With two weeks until the opening of spring training, the Rays feel good about their roster, especially their depth and versatility.
Assuming all key players make it through spring, the only thing they seemingly have to do by April is find a way to dispose of first baseman James Loney, who is said to be in tremendous shape.
That would allow Logan Morrison and Steve Pearce to share first, with Corey Dickerson getting a chunk of his at-bats at DH and their preferred outfield alignment of Desmond Jennings in left, Kevin Kiermaier in center and Steven Souza Jr. in right, with Brandon Guyer as the top backup (and starter somewhere vs. lefty pitchers).
But there is more they can, may and, perhaps, should do, ranked in order of most to least likely:
Add a proven reliever
The trade of left-hander Jake McGee left a hole in the back of the bullpen that the Rays can't fill internally.
A signing is more likely given the number of arms still on the free-agent market, probably to a minor-league deal. Though right-hander Tyler Clippard may prove too expensive, RHP Ryan Webb, along with RHPs Tommy Hunter and Burke Badenhop, are among legit possibilities.
Or the Rays could use their surplus of hitters to trade for a reliever, with the Indians, Nationals, Rangers and Angels among the teams that could fit. Adding a reliever with options would be a bonus as the pen could use some flexibility.
As it is now, they have RHPs Brad Boxberger, Alex Colome, Steve Geltz and Danny Farquhar and LHPs Xavier Cedeno and Enny Romero, with RHP Andrew Bellatti and non-roster LHP Dana Eveland competing.
Trade Jennings or Guyer
The Rays feel they are better and deeper keeping both, knowing there will be days when Kiermaier and Souza aren't the best matchups and that Jennings is also their next best centerfield option.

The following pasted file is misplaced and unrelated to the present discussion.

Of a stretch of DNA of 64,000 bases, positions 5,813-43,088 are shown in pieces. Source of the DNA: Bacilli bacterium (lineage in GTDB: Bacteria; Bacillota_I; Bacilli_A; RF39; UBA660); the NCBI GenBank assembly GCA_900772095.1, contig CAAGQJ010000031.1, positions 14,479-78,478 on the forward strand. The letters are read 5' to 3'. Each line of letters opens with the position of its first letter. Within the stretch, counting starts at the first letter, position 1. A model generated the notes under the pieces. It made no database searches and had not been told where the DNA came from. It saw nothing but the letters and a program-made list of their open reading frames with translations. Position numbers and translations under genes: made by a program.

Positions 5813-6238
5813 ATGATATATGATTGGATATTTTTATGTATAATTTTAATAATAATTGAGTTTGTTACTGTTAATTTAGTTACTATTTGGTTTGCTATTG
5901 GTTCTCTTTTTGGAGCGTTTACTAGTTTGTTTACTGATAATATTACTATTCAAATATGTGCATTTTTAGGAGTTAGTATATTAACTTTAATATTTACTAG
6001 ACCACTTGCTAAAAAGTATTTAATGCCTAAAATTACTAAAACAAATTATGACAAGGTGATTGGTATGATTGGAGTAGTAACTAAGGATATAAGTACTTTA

It can work, though that assumes a) Jennings, who has played 28 of their past 190 games, is healthy and ready to have the kind of season they've been waiting for and b) Dickerson, already adjusting to a new league and altitude, can handle the DH role, which he says he is okay with.
Or they could trade one — Guyer may bring more, per some evaluators, though Jennings provides savings given his $3.3 million salary — and open more at-bats for Pearce and/or Morrison and others, with Mikie Mahtook potentially getting the last spot.
Sign Ian Desmond
The longer the Sarasota-born free-agent shortstop sits on the market, the more his price drops — and the more the sliding scale shifts toward it being worth giving up the No. 13 draft pick, whether in a low base salary, an additional year of control or both. Signing Desmond would, in theory, add another powerful bat to what is already a more dynamic lineup. But it would bump Brad Miller, who was acquired to play short, into a utility role.
Desmond, who turned down a one-year, $15.8 million qualifying offer from the Nats, still seems likely to end up elsewhere. But the longer this goes on, the more the chance he makes the short drive to Port Charlotte.